Drew, the disparity in numbers as men and women age isn’t so weird when you consider that men have higher mortality rates at all age levels.

  10. Um, isn’t there some one missing? POTUS gets paid upwards of 200K, which would skew these numbers some more, would they not?
    Not sure about VPOTUS, but if the election had turned out differently, there’d be one more high-paid women on the WH books…

    • tolovemycountry

      “As president, Mr. Obama earns $400,000 a year. He has a $50,000 expense account, a $100,000 nontaxable travel account and a $19,000 entertainment budget.

      Mr. Obama’s total compensation package: $569,000 a year. ”

      Even if I included POTUS and VPOTUS, the medians wouldn’t change. And they weren’t on the list.

  11. Ed,

    Yeah, I just thought it wouldn’t manifest itself so clearly at such a young age. I expected the 21-44 group to be significantly more male.

  12. Somewhere along the line, these sort of comparisons got passed off as sound statistics and constructive commentary. The classic gender-pay analysis compared male and female pay FOR THE SAME JOBS, which is not at all what you’ve done here. I’d like to see if male and female secretaries make the same amount, and if male and female project directors make the same amount. I don’t care that male project directors make more than female secretaries.

    • tolovemycountry

      You’re right, my post does not make any assumptions about comparisons between salaries of employees in comparable positions– this is impossible without an inside knowledge of the White House and the everyday delegation of responsibility and authority. You may not care that project directors make more than secretaries, but you might care that secretaries statistically tend to be female and directors statistically tend to be male. The commentary here is intended to provoke thought about why men dominate the higher positions– where’s the disconnect? Is it women not majoring in Poli Sci at the same rates? Is it post-graduation job choices? Is it because the last administration to serve in was the predom. male Clinton administration? This post is a question, not an answer.

  13. Not a huge surprise, though it is depressing since I voted for him. Obama’s Senate staff had a gender gap in pay, where men were paid more than women. A few media outlets picked this up (Hillary Clinton and John McCain (!) both paid women and men equitably though).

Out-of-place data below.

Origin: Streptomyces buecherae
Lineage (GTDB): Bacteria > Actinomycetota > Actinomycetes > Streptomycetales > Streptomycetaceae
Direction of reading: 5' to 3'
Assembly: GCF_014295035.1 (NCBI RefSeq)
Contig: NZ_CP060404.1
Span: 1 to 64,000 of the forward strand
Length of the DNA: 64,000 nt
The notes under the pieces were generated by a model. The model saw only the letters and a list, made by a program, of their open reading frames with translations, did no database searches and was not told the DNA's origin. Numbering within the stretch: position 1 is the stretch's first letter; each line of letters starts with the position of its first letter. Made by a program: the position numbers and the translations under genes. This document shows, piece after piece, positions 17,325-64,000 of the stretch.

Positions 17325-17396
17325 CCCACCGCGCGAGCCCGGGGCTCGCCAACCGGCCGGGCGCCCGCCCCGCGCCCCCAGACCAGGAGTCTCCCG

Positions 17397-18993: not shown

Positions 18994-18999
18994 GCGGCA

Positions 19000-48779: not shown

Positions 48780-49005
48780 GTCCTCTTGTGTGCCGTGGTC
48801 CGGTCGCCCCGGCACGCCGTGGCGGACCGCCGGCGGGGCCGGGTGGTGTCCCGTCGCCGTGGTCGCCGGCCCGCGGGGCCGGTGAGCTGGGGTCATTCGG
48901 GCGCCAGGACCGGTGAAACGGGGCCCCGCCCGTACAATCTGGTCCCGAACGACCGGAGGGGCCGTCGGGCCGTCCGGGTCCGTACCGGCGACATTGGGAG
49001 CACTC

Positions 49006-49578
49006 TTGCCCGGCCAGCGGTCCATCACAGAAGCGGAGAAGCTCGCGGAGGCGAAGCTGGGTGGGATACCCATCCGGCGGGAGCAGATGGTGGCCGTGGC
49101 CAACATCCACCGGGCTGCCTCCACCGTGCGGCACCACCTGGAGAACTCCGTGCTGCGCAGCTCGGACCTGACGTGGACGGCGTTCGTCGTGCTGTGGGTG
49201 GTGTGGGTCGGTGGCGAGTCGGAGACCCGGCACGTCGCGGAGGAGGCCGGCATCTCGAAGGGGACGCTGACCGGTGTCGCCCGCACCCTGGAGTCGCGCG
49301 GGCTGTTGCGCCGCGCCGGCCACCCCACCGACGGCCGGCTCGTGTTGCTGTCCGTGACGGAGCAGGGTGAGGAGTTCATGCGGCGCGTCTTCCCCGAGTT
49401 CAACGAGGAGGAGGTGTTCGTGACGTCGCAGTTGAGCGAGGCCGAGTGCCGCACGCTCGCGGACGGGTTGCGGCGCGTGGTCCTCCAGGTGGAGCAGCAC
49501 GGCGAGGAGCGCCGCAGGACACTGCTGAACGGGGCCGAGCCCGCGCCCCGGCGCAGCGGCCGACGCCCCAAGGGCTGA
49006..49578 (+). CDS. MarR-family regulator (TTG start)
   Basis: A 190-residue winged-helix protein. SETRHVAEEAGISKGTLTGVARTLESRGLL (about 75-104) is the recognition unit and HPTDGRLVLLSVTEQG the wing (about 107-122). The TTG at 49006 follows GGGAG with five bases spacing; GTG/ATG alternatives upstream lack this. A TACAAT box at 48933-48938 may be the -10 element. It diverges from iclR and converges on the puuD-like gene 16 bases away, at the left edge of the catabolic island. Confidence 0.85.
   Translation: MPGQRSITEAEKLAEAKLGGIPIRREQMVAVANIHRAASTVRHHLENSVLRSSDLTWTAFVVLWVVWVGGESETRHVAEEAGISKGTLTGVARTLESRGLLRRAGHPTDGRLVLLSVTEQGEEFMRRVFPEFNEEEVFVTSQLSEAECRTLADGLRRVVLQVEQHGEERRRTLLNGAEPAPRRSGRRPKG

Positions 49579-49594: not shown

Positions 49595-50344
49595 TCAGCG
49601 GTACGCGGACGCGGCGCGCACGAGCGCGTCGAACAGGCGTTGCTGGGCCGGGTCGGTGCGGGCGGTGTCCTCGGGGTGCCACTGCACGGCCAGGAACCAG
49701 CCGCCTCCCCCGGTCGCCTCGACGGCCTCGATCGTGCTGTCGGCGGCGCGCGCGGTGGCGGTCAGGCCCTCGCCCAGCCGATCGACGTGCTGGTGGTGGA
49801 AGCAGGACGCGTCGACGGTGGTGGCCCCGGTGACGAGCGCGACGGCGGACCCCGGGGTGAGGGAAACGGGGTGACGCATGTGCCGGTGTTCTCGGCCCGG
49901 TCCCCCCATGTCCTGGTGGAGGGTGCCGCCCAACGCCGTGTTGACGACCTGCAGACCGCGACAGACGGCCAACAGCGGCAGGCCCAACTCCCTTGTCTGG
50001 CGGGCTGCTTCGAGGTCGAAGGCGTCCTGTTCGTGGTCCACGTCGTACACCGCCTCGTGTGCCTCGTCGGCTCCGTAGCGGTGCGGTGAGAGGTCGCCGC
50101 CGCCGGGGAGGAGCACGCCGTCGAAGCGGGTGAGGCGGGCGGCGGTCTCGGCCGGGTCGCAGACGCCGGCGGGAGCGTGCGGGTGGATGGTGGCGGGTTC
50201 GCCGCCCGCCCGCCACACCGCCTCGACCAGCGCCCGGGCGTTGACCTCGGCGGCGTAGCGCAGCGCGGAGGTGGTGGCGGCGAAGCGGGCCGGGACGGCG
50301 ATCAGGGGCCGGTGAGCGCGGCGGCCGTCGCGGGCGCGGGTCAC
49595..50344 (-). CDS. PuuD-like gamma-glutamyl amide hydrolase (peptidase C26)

I feel that Obama’s heart is in the right place on issues that matter to me, but I hope this pay gap disappears. He does seem to be a man’s man though.

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  16. it is all GW Bush’s fault. Didn’t you get the memo?

  17. I wrote about this a few weeks about for the AAUW blog http://blog-aauw.org/2009/07/08/pay-equity-in-the-obama-white-house/#comment-3717

    I was unable to identify 34 employee’s gender and omitted them from my analysis. I was constrained to 600 words in my blog post (editorial guidelines) it was hard to decide what to highlight from the data. I appreciate your analysis.

    Thanks for posting.
    Danine Spencer

  18. This is fantastic work, well done! I always think back to Babcock’s “Women Don’t Ask” – showing women undervalue their own work, fail to ask for competitive wages, and negotiate less often and for lesser amounts. Empowering women to recognize their own worth and ask for it is a simple, achievable method for combating wage disparities.

    I am, nonetheless, heartened to see the wage gap in the White House is far smaller than the national average. I consider it progress, but maybe I’m an optimist.

  19. Pingback: Longer view: The pay gap in the Bush and Clinton administrations «

  20. Pingback: Queercents » Blog Archive » Women Still Face a Wage Gap

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  22. Pingback: White House Women paid less than White House Men:But can they type? : The New Agenda